A 6-year-old boy sits on an examining table in a clinic near Houston, waiting to receive his school immunizations. He's nervous. Volunteer nurses say, "We're going to crisscross his arms and give him a big hug." One volunteer leans over to hold him still, while two others give him shots, one in each thigh, at exactly the same time. Before the boy knows what's happening, they repeat the procedure-four shots in all.
"Oh, my goodness. You are all finished. You did absolutely fabulous." The boy looks proudly at his mom as a nurse applies a Peanuts and a Scooby Doo bandage. Then she leads him out to pick a toy.
Some 45 minutes later the phone at TOMAGWA HealthCare Ministries rings. It's the school nurse from the 6-year-old's public school. She says his shots aren't up to date so he needs to go home. But TOMAGWA nurse Dottie Hardy says: We know he's behind on his shots, but we only give four shots at a time. [More than that, she tells me, and you can't tell what caused a negative reaction.] We told the mom to bring him back in a month. Today he received the shots he should have gotten when he was 4 months old. The school nurse relents, and the boy is able to stay at school.
TOMAGWA-the name is an acronym from Tomball, Magnolia, and Waller, three small cities northwest of Houston-is a Christian, nominal-fee, family practice clinic that provides care to those who don't have insurance and aren't eligible for Medicare or Medicaid. Last year TOMAGWA saw 4,000 patients for a total of 27,000 patient visits. But with Obamacare due to take effect in 2014, will charity clinics like TOMAGWA still have a role to fill?
Executive director Judy Deyo says yes, regardless of whether the healthcare transformation survives Supreme Court review. Deductibles and copays will still exist, and a large group of people will still not have insurance. She says government-run or state-financed clinics will not have the freedom that TOMAGWA and similar clinics have to offer healthcare in the name of Christ: "Our foundation is Jesus. The things we do, the way we treat, the attitude we have is because we know His love for us, and we want to share that love with others."
Many of TOMAGWA's patients are like the mom of the 6-year-old boy. They've slipped through the cracks of available healthcare. She didn't send her son to kindergarten last year because she said she couldn't afford his required vaccinations. The long waits and impersonal care typical at government clinics also deterred her. The staff at TOMAGWA works hard to set a different tone, starting with the clinic's sun-lit waiting room. A marble tile floor and cushioned office chairs in a neutral palette say professional office, not second-class clinic. Deyo says, "Patients come and feel, 'Wow! It's nice, not rundown.' That's by design to help restore dignity."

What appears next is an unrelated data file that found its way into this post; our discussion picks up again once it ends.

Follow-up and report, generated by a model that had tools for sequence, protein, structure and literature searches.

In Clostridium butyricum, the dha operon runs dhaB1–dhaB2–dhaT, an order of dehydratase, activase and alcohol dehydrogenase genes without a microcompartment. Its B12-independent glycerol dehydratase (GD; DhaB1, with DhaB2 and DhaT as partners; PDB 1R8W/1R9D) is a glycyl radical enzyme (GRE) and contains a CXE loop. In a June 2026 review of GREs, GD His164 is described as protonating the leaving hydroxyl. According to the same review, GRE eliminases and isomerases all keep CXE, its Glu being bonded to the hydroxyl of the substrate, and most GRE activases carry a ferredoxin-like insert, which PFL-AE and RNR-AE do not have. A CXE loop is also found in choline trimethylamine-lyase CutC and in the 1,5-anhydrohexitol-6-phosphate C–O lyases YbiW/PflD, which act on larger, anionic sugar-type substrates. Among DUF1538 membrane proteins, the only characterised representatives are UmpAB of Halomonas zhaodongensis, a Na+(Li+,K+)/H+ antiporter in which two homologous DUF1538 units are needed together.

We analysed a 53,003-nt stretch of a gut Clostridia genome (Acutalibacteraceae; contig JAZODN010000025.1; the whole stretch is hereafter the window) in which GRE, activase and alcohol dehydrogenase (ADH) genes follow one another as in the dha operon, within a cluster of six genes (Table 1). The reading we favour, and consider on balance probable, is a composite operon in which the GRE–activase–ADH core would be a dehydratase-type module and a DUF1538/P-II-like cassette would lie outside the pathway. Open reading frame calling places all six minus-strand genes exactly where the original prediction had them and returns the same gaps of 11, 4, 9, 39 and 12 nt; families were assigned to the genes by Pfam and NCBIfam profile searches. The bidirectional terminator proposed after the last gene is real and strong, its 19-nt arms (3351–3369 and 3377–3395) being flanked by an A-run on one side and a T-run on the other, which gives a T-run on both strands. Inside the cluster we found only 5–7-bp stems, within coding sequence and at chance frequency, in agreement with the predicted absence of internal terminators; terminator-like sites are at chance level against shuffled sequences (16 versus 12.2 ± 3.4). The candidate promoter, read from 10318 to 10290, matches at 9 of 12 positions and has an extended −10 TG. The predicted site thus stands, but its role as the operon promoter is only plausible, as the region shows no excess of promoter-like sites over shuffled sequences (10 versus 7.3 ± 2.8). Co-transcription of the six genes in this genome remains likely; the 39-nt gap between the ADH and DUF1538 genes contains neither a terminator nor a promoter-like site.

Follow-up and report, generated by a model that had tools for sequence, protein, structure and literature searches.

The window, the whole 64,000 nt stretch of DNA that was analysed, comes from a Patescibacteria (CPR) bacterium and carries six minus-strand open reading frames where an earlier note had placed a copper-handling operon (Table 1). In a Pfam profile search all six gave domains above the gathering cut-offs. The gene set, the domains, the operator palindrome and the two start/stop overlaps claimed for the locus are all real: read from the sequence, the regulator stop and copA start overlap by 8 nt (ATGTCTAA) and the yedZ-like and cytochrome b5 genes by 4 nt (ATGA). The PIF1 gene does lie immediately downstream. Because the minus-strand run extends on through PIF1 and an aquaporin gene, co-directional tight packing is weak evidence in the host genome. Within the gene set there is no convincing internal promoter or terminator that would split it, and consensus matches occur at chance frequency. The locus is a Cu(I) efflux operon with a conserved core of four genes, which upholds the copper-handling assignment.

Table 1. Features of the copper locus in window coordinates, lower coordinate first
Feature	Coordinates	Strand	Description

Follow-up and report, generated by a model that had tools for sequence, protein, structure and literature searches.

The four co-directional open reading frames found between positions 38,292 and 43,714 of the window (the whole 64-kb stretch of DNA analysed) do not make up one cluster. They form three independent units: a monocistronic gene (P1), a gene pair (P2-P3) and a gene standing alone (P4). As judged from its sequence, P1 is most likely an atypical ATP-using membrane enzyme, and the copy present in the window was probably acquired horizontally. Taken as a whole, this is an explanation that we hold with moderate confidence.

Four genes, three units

Because it takes no government money, TOMAGWA doesn't operate under government constraints. As R.N. Dottie Hardy hurries down the hallway and spots a woman with a cast-down expression, she stops to talk and learns that health issues are only one of the woman's concerns: She is facing foreclosure and needs a job. Hardy refers her to a counselor who works on a sliding scale basis, but she also prays with her: "Faith is part of healing, and we get no resistance among patients."
TOMAGWA began in 1989 after two tragedies shook the three communities. A little girl from Tomball lost her hearing because her parents couldn't afford medical care, and a father died from an infection after refusing to go to the emergency room because he couldn't afford it. Christians in the community rallied. A church set aside a room, which volunteers divided in half with a curtain. On one side was the examining room, staffed by volunteer doctors on their lunch hours. On the other side, reception. A line of waiting patients snaked out the door. Several years later, TOMAGWA moved into a larger space with three examining rooms.
In 2008 the clinic bought and finished out its own space in a new medical park. The spacious office has seven exam rooms and room for a dental clinic, eye clinic, and small pharmacy. A combination of paid and volunteer staff allows it to stay open five days a week from 8:30 to 5:00. Patients pay $15 for a first visit and $10 for follow-ups. Judy Deyo says, "We help restore dignity by allowing them to help pay for care."
Sometimes even a little money is too much. Nurse Lisa Goodeau explained to one new patient, "Don't not come because you don't have the money. We'll start you an account. We don't report it to the credit bureau. It's an honor system." Dottie Hardy explained further, "We never bill. We never chase them down. If they remember to pay it, that's fine. Their account is in their head."
While I was visiting, a middle-aged man poked his head through the door, looking for someone who had taken care of him a while back. He wanted to tell her, "I'm doing good." A trucker, he lost his job when he developed eye trouble. No longer able to make payments, he lost his truck. Then he lost his house. Finally he came to TOMAGWA, where a doctor discovered cataracts on both eyes. A sympathetic eye surgeon performed surgery, and the trucker is back at work.
Susan Browning is a nurse who has been volunteering 25 hours a week for the past 16 months. She says appreciative patients like the truck driver make volunteering easy, but she also enjoys "the freedom to practice medicine freely." Nurses don't have to worry about "the things you have to do to be reimbursed." As Judy Deyo explains, "We spend money on patient care, not on paperwork."